• Janki T. Patel, PharmD

Antibiotic Resistance and Animal Agriculture. What’s the deal?

Updated: Mar 7, 2020

Let's start with defining antibiotic resistance.

Antibiotic resistance is defined as the ability of organisms (i.e. bacteria) to continue to grow and multiply despite being exposed to a drug that would typically be able to stop and kill (bactericidal) or prevent further replication (bacteriostatic) of bacteria.

What is the science behind it?

First, let’s discuss antibiotics. Antibiotics can be broken down into different classes based on their mechanism of action. For example, β-Lactam antibiotics (i.e. penicillins, carbapenems, cephalosporins) work at inhibiting the cell wall of the bacteria by binding to enzymes (penicillin binding proteins or PBPs) which prevents the last step of cross linking in peptidoglycan synthesis. The term beta-lactam refers to the beta-lactam ring of the antibiotic composition. Bacteria are extremely fast replicating organisms. Faster division can mean they are also able to change their DNA composition much quicker (i.e. gene mutation). And this can help cause…resistance! These bacteria are some smart bugs, let me tell ya. They manipulate their PBPs or produce enzymes called beta lactamases that can essentially breakdown the antibiotic, causing it to no longer take its effect to kill the bacteria.

What does this have to do with meat consumption?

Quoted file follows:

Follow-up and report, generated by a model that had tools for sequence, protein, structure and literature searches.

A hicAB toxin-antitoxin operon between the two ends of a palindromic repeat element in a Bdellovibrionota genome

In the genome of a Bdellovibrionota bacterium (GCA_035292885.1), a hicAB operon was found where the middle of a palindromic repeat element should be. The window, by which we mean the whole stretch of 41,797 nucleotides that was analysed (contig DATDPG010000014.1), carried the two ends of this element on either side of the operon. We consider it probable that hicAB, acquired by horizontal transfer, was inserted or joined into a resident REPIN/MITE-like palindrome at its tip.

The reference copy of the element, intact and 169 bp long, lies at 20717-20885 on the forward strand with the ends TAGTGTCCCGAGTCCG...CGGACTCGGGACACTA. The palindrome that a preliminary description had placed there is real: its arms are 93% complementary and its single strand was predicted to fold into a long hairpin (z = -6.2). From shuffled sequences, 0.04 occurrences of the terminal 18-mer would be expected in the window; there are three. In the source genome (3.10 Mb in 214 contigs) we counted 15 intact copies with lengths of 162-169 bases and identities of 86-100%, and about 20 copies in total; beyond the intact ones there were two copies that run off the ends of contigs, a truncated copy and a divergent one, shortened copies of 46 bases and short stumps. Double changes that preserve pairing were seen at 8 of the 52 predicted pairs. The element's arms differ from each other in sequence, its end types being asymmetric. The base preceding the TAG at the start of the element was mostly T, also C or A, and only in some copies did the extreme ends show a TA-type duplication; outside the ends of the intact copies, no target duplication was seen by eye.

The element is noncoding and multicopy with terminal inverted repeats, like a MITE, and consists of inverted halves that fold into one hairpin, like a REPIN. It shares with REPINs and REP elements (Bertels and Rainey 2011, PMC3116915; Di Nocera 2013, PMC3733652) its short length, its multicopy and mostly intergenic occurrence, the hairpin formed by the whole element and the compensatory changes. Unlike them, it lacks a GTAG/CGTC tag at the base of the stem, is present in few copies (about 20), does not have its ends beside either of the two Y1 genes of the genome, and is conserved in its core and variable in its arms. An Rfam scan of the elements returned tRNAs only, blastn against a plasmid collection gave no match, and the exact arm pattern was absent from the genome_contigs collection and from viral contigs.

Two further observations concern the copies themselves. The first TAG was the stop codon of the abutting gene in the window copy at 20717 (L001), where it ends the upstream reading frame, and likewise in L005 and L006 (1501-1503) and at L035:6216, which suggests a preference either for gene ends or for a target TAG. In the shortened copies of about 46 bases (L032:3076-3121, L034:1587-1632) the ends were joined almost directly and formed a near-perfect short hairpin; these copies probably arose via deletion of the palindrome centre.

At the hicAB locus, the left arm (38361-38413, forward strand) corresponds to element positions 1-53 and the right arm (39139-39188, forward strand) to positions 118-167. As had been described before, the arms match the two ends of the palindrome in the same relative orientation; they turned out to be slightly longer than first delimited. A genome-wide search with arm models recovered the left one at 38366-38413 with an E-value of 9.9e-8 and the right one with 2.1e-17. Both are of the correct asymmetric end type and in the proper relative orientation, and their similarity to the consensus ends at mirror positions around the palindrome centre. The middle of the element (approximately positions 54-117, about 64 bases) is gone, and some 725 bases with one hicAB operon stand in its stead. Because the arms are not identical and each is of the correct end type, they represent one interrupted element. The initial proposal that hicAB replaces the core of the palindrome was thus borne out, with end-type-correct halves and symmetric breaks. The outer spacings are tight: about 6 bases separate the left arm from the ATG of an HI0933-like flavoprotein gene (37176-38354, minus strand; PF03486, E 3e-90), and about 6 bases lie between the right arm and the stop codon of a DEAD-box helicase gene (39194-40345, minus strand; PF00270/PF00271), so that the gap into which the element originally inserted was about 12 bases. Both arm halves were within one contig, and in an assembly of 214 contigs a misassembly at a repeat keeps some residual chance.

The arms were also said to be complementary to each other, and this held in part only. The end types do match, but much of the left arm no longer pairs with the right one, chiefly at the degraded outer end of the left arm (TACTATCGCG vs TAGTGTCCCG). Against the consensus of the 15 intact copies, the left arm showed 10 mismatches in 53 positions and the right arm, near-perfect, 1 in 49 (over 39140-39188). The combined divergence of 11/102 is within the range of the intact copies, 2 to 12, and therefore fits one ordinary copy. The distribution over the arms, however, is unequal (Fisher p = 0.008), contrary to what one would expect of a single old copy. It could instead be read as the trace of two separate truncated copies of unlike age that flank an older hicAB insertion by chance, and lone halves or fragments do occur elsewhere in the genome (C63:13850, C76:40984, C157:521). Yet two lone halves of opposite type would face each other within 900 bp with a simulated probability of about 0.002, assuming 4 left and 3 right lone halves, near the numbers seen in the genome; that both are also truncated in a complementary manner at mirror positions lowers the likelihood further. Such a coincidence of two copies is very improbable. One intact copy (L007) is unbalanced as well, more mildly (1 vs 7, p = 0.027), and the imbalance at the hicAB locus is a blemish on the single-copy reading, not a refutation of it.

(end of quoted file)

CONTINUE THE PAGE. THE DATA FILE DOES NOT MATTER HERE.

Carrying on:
Approximately 80% of antibiotics in the U.S are used for animal and livestock agriculture/aquaculture annually. This does not include veterinary medicine. Animals raised for human consumption are fed antibiotics in order to promote growth, reduce their risk of illness, or increase feed efficiency. Animals and humans naturally carry gut flora and while the doses may be low, chronic exposure doesn’t come without consequence. This inappropriate use leads to resistance. Animal waste and defecation carries these resistant bacteria and once slaughtered, it ends up in the food supply. Through soil, water, and fertilizers, animal defecation can also contaminate other produce such as fruits and vegetables, which ultimately causes human exposure. Not to mention, “antibiotic-free” animal meat or dairy is not standardized in the U.S or approved by USDA, so it cannot be guaranteed that these animals are not exposed to antibiotics; in fact ,natural gut flora of animals still contains some resistant bacteria by default. When patients are actively fighting infections and are in need of prescription antibiotics (over prescribing will be a topic of discussion in the future), there are solutions in place such implementing programs that improve the antibiotic stewardship policies to allow for more appropriate ways to manage and reduce resistance. For example, determining specific antibiotics to utilize for specific infections based on lab cultures, rapid organism identification, susceptibility patterns and resistance trends at an institution through antibiograms. However, what about when we don’t have infections? How can we reduce resistance? Correlations suggest limiting or omitting animal meat and dairy consumption. By eliminating meat consumption, the gut microbiome is significantly altered as well. In terms of clinical impact, the link is plausible for direct human impact, but extensive studies are still needed for conclusive data. One common correlation being UTIs and food-borne resistant E.Coli. The FDA recognized resistance issues and banned use of fluoroquinolones in poultry. However, banning clinically utilized antibiotics for humans comes with complex issues.


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